Mood disorders (affective disorders) include depressive illness and mania. These are episodic conditions, occurring only once or twice in a lifetime for some patients but recurring at frequent intervals for others, usually with good recovery between episodes.
• Unipolar affective disorder: single or recurrent depressive episode(s), without manic ones. This forms the vast majority of patients with affective disorders.
• Bipolar affective disorder (formerly called manic depressive psychosis): both depressive and manic episodes. This is much less common than unipolar depression, but is more serious in most cases.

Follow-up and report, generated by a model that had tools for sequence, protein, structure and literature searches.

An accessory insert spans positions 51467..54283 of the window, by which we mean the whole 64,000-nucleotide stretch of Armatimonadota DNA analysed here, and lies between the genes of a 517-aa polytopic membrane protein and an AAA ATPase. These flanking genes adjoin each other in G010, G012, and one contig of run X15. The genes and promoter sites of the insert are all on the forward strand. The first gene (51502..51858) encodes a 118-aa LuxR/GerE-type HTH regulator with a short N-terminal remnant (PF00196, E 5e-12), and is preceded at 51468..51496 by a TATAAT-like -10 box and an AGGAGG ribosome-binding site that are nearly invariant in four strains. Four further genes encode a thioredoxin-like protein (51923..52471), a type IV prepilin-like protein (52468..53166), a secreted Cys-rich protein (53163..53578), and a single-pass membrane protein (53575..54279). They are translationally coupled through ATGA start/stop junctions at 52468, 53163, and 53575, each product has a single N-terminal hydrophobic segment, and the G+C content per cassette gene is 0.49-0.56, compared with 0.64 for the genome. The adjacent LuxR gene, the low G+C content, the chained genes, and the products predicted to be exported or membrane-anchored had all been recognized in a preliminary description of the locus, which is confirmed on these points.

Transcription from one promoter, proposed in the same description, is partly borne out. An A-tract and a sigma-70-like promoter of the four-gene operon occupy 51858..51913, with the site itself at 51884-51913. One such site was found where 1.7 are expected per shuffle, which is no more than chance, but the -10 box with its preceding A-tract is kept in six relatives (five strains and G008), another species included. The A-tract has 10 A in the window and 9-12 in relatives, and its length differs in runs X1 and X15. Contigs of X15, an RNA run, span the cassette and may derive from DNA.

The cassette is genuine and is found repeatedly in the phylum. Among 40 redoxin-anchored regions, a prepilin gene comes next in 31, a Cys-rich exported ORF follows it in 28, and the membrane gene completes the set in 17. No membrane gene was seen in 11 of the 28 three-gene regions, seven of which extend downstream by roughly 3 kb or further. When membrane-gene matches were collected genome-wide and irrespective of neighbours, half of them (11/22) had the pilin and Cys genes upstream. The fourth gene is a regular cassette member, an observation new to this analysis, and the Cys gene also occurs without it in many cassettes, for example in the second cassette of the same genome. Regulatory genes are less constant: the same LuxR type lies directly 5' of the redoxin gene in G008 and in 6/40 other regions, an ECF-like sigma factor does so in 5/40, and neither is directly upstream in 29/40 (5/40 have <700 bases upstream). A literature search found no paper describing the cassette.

Patients with manic episodes only are very rare. Mixed affective states can also occur, usually in the context of bipolar disorder.
The milder forms of depression are also considered in this chapter. In this book, anxiety disorders, although sometimes classed with mood disorders, will be considered with the neuroses (see Chapter 6).
Hughes' Outline of Modern Psychiatry, Fifth Edition. David Gill. © 2007 John Wiley & Sons, Ltd ISBN 9780470033920
Was this article helpful?